There are exceptions for patients with underlying B-cell malignancies, which may help their antimalignancy effect. But you’re right. We at Massachusetts General Hospital try to use the other approved agents or other measures first. Most centers have shifted in that direction. Let’s talk about the others. After ibrutinib, the next agent that was approved was belumosudil [Rezurock]. Nelson, do you want to talk a about the mechanism of action, the data behind it, and how you’re using belumosudil?

Nelson J. Chao, MD, MBA: Belumosudil is a ROCK2 inhibitor, so it’s a Rho-associated coiled-coil protein kinase. That mechanism is thought to be a way to reduce T817 cells, which are cells known to be pro-inflammatory, and focus on these follicular helper cells that seem to increase Tregs [regulatory T cells]. The idea is that these 3 targets combine, improve, and decrease the process of chronic graft-vs-host disease. The data were quite remarkable. It was so well tolerated in a group of patients who tend to be relatively sick. The overall response rate was quite high, in the 70% range, although there weren’t a whole lot of CRs. It was interesting in that it seemed to have an impact on all organs, including the lungs. That’s an area in which the use will continue to grow. It’s approved in the second line, so you have to fail steroid therapy plus something else before use. In general, it’s been well tolerated.

Yi-Bin Chen, MD: We tend to sequence it after ruxolitinib because of its approval in that space. We talked a lot about ruxolitinib for refractory acute GVHD. That was the most recent approval in refractory chronic graft-vs-host disease. Amin, do you want to touch base on the data behind ruxolitinib approval? Has that become your standard for steroid-refractory chronic GVHD?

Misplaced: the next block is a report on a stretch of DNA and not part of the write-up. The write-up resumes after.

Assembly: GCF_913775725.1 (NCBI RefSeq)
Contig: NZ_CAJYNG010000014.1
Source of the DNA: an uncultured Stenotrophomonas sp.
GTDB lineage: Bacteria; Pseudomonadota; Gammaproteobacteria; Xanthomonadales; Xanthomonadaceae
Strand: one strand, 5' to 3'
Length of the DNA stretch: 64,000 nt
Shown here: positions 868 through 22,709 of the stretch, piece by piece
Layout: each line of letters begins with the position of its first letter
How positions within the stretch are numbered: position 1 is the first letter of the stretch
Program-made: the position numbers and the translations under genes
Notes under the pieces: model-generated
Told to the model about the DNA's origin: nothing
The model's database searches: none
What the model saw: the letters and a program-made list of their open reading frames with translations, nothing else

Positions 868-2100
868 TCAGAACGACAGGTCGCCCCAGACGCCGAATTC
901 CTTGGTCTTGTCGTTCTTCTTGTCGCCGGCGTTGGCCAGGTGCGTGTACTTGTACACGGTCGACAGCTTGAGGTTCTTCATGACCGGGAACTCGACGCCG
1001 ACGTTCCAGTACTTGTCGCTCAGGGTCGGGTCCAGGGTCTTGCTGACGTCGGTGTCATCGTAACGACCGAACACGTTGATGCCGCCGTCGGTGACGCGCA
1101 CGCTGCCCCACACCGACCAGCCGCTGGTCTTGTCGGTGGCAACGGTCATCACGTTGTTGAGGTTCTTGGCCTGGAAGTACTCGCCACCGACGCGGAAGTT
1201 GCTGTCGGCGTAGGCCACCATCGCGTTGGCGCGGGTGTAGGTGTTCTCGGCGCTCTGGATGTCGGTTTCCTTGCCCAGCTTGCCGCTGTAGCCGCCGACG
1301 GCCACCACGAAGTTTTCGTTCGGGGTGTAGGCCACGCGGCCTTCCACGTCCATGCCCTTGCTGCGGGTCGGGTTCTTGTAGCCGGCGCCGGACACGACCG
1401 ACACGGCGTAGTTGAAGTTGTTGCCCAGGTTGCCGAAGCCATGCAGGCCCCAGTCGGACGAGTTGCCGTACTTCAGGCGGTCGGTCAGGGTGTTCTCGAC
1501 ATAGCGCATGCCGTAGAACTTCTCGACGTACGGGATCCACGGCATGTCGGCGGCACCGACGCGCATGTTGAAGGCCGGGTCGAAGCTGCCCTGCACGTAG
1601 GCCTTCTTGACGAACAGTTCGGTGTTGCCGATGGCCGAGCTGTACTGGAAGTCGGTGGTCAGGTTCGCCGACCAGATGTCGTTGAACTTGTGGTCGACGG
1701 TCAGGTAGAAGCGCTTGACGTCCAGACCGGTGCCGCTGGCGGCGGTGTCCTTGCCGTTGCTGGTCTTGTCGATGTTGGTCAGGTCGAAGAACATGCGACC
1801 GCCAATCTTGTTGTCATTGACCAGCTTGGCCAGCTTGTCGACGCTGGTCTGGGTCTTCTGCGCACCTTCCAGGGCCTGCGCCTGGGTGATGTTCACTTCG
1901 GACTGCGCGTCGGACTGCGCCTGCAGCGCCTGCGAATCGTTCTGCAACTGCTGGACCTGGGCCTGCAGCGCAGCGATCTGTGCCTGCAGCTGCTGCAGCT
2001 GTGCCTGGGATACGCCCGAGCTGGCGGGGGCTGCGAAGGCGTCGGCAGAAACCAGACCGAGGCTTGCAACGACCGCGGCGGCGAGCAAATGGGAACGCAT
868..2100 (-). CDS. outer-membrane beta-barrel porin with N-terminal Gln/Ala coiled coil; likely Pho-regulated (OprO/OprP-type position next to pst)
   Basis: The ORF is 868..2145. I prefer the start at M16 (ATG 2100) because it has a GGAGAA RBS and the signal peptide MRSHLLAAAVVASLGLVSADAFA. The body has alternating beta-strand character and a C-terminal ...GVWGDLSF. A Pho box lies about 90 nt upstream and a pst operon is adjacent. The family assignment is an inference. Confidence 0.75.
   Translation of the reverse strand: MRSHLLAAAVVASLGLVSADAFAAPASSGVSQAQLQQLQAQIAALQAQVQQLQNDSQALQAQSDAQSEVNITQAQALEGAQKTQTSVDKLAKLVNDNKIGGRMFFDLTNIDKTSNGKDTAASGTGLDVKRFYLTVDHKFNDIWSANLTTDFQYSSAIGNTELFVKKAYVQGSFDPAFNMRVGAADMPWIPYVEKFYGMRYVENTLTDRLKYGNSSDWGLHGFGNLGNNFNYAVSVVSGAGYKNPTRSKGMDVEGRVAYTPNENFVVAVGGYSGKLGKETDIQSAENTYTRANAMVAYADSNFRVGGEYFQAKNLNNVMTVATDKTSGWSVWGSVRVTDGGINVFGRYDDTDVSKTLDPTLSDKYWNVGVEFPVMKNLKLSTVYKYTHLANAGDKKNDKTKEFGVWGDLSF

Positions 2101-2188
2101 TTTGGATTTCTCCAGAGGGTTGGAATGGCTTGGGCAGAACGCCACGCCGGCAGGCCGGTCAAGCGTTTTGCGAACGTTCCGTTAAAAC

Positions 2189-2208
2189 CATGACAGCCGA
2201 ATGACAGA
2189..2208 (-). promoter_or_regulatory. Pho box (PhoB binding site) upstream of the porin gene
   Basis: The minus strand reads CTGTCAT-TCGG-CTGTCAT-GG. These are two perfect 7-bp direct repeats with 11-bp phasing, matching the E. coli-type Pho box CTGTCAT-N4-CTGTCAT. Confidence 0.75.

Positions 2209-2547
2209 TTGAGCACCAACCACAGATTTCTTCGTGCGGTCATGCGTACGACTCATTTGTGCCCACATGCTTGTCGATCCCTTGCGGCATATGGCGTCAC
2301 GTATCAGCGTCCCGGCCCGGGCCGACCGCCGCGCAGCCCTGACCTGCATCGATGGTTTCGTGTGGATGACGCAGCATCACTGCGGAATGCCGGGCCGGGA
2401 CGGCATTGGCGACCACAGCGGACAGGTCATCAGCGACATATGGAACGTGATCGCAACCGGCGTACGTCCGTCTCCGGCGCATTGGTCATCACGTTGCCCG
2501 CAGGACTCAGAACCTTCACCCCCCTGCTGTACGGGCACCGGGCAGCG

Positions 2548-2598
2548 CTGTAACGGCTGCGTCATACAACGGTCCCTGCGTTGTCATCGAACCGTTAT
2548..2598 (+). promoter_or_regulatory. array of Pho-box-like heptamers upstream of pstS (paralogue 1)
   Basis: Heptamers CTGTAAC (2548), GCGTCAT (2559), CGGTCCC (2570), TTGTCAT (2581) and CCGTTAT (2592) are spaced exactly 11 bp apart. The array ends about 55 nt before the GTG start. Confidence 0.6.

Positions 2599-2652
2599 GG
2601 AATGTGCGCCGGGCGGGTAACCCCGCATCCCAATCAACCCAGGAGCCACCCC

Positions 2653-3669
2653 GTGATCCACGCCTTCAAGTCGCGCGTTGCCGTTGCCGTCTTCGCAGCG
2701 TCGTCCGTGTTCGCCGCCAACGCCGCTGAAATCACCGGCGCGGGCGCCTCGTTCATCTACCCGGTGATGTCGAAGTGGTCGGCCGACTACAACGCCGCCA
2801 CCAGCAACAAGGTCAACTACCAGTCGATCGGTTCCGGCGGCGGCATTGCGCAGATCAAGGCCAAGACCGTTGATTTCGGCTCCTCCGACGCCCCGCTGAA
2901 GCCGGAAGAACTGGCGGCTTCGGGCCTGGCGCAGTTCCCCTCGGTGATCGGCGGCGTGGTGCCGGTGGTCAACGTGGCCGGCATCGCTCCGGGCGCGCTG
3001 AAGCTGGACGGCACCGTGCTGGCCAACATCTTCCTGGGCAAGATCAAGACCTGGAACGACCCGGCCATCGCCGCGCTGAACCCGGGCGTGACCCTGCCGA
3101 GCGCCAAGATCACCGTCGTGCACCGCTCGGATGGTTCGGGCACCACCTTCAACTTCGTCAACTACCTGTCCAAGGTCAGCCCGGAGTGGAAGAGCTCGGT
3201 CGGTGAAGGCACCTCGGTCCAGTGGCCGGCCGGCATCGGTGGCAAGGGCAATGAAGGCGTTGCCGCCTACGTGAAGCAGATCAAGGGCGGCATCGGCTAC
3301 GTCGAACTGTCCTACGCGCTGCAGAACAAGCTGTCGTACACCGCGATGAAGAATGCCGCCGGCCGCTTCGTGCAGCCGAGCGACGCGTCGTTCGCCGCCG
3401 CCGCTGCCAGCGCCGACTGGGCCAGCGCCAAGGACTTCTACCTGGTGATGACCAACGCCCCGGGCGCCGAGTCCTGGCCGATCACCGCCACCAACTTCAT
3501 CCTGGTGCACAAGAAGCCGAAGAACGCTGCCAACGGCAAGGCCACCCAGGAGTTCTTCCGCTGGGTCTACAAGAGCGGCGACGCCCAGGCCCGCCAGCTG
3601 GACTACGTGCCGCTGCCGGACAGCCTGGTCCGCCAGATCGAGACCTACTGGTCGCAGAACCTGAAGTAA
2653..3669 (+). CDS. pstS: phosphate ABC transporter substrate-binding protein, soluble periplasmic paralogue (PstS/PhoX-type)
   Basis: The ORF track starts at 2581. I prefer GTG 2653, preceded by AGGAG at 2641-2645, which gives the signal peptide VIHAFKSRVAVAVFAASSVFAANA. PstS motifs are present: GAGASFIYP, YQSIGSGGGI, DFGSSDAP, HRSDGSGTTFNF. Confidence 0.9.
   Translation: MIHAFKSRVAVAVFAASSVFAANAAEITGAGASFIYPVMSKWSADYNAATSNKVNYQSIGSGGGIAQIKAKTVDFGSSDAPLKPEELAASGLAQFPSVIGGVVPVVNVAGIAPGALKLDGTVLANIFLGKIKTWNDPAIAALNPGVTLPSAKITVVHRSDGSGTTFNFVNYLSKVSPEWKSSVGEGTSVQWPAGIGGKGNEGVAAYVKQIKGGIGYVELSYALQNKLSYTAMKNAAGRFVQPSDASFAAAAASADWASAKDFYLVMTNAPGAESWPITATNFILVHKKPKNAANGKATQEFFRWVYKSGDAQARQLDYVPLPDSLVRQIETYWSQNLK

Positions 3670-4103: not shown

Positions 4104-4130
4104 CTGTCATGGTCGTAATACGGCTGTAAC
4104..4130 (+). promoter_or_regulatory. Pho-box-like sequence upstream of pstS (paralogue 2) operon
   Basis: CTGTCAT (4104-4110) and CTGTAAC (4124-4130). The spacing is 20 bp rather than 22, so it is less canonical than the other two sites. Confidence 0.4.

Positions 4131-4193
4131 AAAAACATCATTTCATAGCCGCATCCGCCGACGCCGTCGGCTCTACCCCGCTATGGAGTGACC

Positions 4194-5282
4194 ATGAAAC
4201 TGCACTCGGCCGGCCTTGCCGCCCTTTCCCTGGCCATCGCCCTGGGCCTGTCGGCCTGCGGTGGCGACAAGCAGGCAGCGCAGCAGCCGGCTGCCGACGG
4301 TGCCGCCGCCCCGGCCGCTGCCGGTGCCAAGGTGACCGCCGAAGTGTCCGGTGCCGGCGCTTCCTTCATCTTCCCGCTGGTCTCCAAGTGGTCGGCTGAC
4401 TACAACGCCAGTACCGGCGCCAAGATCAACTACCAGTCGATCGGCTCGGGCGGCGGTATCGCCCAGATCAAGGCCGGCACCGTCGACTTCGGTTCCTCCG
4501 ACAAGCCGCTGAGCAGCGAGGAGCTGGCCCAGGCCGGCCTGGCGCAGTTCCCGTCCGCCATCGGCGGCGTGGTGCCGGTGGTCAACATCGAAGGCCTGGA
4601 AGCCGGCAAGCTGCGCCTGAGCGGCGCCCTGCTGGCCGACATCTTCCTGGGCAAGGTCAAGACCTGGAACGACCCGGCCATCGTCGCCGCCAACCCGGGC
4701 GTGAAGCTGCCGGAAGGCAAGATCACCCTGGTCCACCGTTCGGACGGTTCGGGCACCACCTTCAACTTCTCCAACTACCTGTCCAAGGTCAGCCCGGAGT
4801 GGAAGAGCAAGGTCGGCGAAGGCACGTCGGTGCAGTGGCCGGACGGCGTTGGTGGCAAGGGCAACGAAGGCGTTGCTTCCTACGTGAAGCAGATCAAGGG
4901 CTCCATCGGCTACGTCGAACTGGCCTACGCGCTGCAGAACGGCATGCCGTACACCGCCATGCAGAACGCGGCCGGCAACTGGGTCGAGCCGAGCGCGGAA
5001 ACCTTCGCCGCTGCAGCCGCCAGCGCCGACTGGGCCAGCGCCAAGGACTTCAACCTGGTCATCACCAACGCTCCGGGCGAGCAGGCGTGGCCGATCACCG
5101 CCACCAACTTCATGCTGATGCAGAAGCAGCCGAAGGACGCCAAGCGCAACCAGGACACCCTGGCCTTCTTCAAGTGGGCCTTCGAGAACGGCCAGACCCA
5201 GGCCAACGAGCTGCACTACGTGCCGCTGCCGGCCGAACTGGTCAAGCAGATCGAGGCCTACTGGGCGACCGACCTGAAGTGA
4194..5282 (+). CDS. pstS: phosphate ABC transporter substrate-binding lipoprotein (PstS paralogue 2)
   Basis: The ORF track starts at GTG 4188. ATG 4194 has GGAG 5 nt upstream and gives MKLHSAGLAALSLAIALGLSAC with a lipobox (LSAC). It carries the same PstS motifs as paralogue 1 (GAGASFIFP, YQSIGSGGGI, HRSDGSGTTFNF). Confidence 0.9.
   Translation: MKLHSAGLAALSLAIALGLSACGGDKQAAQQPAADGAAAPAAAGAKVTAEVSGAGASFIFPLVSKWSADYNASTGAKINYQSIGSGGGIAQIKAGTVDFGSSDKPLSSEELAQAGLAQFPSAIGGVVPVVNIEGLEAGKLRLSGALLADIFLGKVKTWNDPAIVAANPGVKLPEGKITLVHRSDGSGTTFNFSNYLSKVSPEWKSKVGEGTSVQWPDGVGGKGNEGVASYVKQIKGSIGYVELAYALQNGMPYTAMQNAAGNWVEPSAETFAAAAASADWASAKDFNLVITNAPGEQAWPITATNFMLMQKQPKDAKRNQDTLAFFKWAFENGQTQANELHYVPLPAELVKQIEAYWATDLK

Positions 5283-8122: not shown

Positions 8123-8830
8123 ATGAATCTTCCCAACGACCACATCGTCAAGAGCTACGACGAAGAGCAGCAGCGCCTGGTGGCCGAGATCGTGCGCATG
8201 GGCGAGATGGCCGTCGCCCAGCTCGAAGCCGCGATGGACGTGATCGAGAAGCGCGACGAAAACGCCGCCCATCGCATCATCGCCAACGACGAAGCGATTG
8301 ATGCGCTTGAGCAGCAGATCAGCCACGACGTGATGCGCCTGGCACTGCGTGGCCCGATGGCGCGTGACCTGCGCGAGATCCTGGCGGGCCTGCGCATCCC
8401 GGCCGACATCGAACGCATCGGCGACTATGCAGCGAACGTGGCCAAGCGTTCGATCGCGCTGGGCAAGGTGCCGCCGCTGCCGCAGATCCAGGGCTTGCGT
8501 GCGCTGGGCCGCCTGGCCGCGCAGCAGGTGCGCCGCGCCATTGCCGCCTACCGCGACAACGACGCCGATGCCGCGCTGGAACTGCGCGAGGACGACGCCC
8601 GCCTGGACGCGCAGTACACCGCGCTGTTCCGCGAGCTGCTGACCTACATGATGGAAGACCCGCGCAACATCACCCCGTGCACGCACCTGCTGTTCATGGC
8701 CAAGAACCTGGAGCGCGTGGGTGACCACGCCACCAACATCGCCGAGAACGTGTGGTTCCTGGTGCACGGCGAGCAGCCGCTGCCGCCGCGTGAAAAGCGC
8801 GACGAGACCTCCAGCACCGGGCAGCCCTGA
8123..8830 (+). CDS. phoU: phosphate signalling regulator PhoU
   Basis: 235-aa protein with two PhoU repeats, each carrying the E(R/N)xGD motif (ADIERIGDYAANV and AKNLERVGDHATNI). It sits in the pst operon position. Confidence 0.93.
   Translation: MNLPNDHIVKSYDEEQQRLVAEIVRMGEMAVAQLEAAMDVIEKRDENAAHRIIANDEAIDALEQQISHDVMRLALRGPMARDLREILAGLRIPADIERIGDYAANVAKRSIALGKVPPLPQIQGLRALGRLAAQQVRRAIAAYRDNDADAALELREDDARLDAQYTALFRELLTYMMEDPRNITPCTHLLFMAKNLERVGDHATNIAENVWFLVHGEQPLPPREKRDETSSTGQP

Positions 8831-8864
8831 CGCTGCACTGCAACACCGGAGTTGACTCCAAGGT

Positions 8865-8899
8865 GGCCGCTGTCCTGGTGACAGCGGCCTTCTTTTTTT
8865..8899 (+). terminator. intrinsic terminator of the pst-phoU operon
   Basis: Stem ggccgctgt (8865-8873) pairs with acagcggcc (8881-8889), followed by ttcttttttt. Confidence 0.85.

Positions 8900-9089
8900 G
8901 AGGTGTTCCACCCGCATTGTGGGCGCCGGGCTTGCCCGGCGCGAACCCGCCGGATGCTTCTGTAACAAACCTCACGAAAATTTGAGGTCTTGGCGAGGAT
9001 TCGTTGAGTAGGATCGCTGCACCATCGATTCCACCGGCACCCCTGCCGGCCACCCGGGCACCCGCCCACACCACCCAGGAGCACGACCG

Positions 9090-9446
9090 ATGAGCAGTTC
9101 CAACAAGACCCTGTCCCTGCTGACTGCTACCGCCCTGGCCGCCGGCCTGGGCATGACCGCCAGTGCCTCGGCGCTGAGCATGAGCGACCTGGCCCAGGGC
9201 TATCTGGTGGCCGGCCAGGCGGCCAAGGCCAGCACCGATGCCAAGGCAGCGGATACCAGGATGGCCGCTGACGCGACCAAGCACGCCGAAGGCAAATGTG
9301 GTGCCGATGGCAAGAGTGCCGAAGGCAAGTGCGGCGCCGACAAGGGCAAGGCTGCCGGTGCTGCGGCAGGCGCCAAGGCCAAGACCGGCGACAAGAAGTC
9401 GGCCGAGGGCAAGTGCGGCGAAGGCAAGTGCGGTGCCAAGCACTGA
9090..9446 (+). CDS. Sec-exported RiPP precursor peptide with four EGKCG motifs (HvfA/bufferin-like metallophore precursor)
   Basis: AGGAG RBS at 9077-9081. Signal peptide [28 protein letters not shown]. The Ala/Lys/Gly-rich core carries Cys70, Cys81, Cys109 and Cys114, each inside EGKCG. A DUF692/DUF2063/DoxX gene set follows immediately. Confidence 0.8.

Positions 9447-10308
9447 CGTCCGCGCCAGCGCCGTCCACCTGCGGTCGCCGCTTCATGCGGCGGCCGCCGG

Amin M. Alousi, MD: One attraction to ruxolitinib data compared with the others is that these are the only data—of those compared with belumosudil and ibrutinib—studied in a randomized fashion against best-available therapy. Best-available therapy included a number of agents that could be selected by the center or the treating physician. It was compared against something, and it’s always nice to see that type of data. Similar to the data for belumosudil, these patients were pretty heavily treated for well-established chronic GVHD with multiorgan involvement. There was a preponderance of patients with moderate and severe chronic GVHD, similar to the data with belumosudil and, in comparison, similar to the earlier population studied with ibrutinib.

The data showed that the response rates were higher than in the best-available therapy, and looked similar in nature to belumosudil, with responses based on NIH [National Institutes of Health] consensus. Best overall responses approached 70%, and the data looked good. It was well tolerated, in terms of toxicities, when compared with best-available therapies. Cytopenias were surprisingly comparable with those best-available therapies. Infection rates were comparable as well. It was well tolerated and had activity in a pretty well established high-risk population.

Yi-Bin Chen, MD: Has it become your standard for steroid-refractory chronic graft-vs-host disease?

Amin M. Alousi, MD: I still select agents based on the patient in front of me, although understanding that comes from my personal experience. I don’t select it in preference to belumosudil in every patient. For some patients I turn to belumosudil. As Nelson mentioned, there was some excitement from the trial with belumosudil with respect to seeing some responses in lung GVHD. You couldn’t have severe lung GVHD and participate in that trial, so all of them had NAH 1 or 2 organ involvement. But a fairly large number of patients had that manifestation, and about a quarter of them responded. I’m used to seeing stabilization in lungs, not response, so there was some excitement around that. I may prefer it in that population. But ruxolitinib and belumosudil, off a clinical trial, are the 2 agents I turn to. For certain patients, I’ll consider ibrutinib. When I do, I tend to start at a lower dose and then escalate if I feel the need. Then I’ll consider what’s published based on the phase 2 trial.

Transcript edited for clarity.